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issue: March 2006 APPLIANCE Magazine


A Time to Play it Safe


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by Thomas F. Huntington, Chairman, Gas Appliance Manufacturers Association (GAMA)

Safety continues to come first in the gas appliance industries. I am grateful to APPLIANCE for giving me the opportunity to discuss a matter of importance to all of us, business people, journalists and consumers alike-that is the matter of safety. I'm proud to say that safety has always come first with GAMA's industries.

This isn't just a high-minded catchphrase. Before profits, before growth and expansion into new markets, before development of new technology, safety has been and remains of paramount importance. If consumers can't rely on our industries' products to operate safely in their homes and businesses, then we won't be selling many products. And the simple, admirable fact is that our industries have an outstanding safety record. History makes the case for us.

Nevertheless, incidents still sometimes do occur. Improper installation, misuse or lack of maintenance of gas appliances can increase the risk of exposing building occupants to excessive levels of carbon monoxide (CO). There are also other potential sources of CO besides gas appliances that consumers must be aware of, as noted below. Our industries continue to work together to reduce these risks.

That is why I am pleased that the U.S. Consumer Product Safety Commission (CPSC) joined with GAMA on the occasion of the switch from Daylight Savings Time to Standard Time this past October 30th to kick-off our campaign to educate the public on the need for CO and smoke alarms in every home in the country.

In a joint CPSC/GAMA news release you can find posted on GAMA's website, CPSC Chairman Hal Stratton said, "Working smoke and CO alarms can help protect your family from a fire or carbon monoxide (CO) hazard in your home. Take the time to put fresh batteries in your alarms. That simple step could save your life."

I heartily commend the chairman's advice. CO is a colorless, odorless, toxic gas that consumers cannot see or smell, and it is vital that consumers be aware of all the potential sources for CO in the home—sources such as an automobile engine running in an attached garage, a portable gasoline-powered generator, a fuel-burning appliance that is installed improperly or connected to a blocked or leaking vent system, a charcoal grill or camp stove used indoors, a fire, or a misused engine-driven tool.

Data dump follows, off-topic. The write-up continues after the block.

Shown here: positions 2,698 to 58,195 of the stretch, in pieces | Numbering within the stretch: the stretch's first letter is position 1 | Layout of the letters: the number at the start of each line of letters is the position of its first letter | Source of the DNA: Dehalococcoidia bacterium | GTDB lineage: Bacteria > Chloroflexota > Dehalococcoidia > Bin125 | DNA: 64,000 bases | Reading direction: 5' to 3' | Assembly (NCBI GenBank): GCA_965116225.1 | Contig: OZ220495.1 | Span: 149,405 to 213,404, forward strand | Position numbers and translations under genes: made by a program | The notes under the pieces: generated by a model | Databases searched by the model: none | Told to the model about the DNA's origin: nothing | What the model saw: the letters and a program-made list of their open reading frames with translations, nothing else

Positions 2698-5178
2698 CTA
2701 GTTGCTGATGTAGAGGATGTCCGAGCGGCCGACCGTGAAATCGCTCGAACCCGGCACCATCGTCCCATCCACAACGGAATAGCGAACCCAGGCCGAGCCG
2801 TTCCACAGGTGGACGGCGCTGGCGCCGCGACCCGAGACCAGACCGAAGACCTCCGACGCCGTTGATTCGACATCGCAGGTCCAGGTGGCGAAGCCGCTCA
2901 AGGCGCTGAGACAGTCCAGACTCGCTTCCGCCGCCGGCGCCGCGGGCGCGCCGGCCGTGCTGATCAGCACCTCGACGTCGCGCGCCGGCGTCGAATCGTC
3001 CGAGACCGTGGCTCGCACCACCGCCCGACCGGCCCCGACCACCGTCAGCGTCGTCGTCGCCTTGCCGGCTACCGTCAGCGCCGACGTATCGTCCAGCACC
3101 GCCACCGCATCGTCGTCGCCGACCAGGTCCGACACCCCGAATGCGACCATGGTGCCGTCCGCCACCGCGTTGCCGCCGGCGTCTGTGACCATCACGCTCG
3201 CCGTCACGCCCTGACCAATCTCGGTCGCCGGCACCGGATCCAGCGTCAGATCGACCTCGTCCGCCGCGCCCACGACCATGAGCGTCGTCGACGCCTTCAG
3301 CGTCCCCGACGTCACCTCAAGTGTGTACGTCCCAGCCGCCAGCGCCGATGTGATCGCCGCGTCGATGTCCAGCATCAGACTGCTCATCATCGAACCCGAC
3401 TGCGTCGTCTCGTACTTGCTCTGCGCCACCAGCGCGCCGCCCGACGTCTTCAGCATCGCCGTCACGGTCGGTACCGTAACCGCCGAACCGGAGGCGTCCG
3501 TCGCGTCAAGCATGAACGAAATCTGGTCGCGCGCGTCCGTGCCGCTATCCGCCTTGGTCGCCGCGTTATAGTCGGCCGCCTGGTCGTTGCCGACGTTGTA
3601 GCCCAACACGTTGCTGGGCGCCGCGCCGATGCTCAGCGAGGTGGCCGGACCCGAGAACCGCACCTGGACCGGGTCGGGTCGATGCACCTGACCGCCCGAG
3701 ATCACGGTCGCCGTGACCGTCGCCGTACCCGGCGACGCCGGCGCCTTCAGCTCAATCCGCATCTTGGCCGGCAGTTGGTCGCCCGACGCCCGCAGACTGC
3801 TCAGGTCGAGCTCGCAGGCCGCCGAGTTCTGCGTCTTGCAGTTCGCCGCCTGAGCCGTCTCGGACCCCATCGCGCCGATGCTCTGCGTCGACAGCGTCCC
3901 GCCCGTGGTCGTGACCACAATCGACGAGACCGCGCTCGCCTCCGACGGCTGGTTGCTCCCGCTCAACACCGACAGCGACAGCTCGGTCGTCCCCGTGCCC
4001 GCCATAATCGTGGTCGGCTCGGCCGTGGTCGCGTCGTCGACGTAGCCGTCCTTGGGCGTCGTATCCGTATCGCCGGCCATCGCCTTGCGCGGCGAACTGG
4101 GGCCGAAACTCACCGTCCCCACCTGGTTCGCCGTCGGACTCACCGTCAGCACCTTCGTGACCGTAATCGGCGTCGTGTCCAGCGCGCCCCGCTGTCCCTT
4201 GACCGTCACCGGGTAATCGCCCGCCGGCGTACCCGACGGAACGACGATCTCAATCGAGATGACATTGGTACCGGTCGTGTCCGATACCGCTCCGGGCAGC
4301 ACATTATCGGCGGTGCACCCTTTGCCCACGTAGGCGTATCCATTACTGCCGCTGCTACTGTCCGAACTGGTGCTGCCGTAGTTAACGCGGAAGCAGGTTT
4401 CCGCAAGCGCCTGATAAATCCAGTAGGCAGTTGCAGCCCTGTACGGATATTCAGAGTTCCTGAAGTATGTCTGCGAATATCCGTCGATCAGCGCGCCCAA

Consumers should be aware that the most effective way to protect against all potential sources of carbon monoxide is to install a CO alarm in every residence and to replace the alarm's batteries on a regular basis. CPSC also joined GAMA in recommending that consumers should always look for a CO alarm that is listed either to the ANSI UL 2034 or to the CSA 6.19 standards. A CO alarm produced in accordance with either of these standards tells the consumer the alarm has been tested independently and that it has met the durability and reliability levels required for effective use.

Research is going on to increase the effectiveness of CO alarms even more, and GAMA is in close consultation with CPSC and the standards developing organizations. One approach involves an "end of life" signal that would tell the consumer that the alarm's sensor is no longer working and that the alarm should be replaced. You and consumers will be hearing more from GAMA as our public information program shifts into the next phase, but the bottom line is that CO alarms can save lives now. At one time in our history, a chicken in every pot and a car in every garage was a national objective. Now, GAMA is helping make the goal a CO alarm in every home.

 

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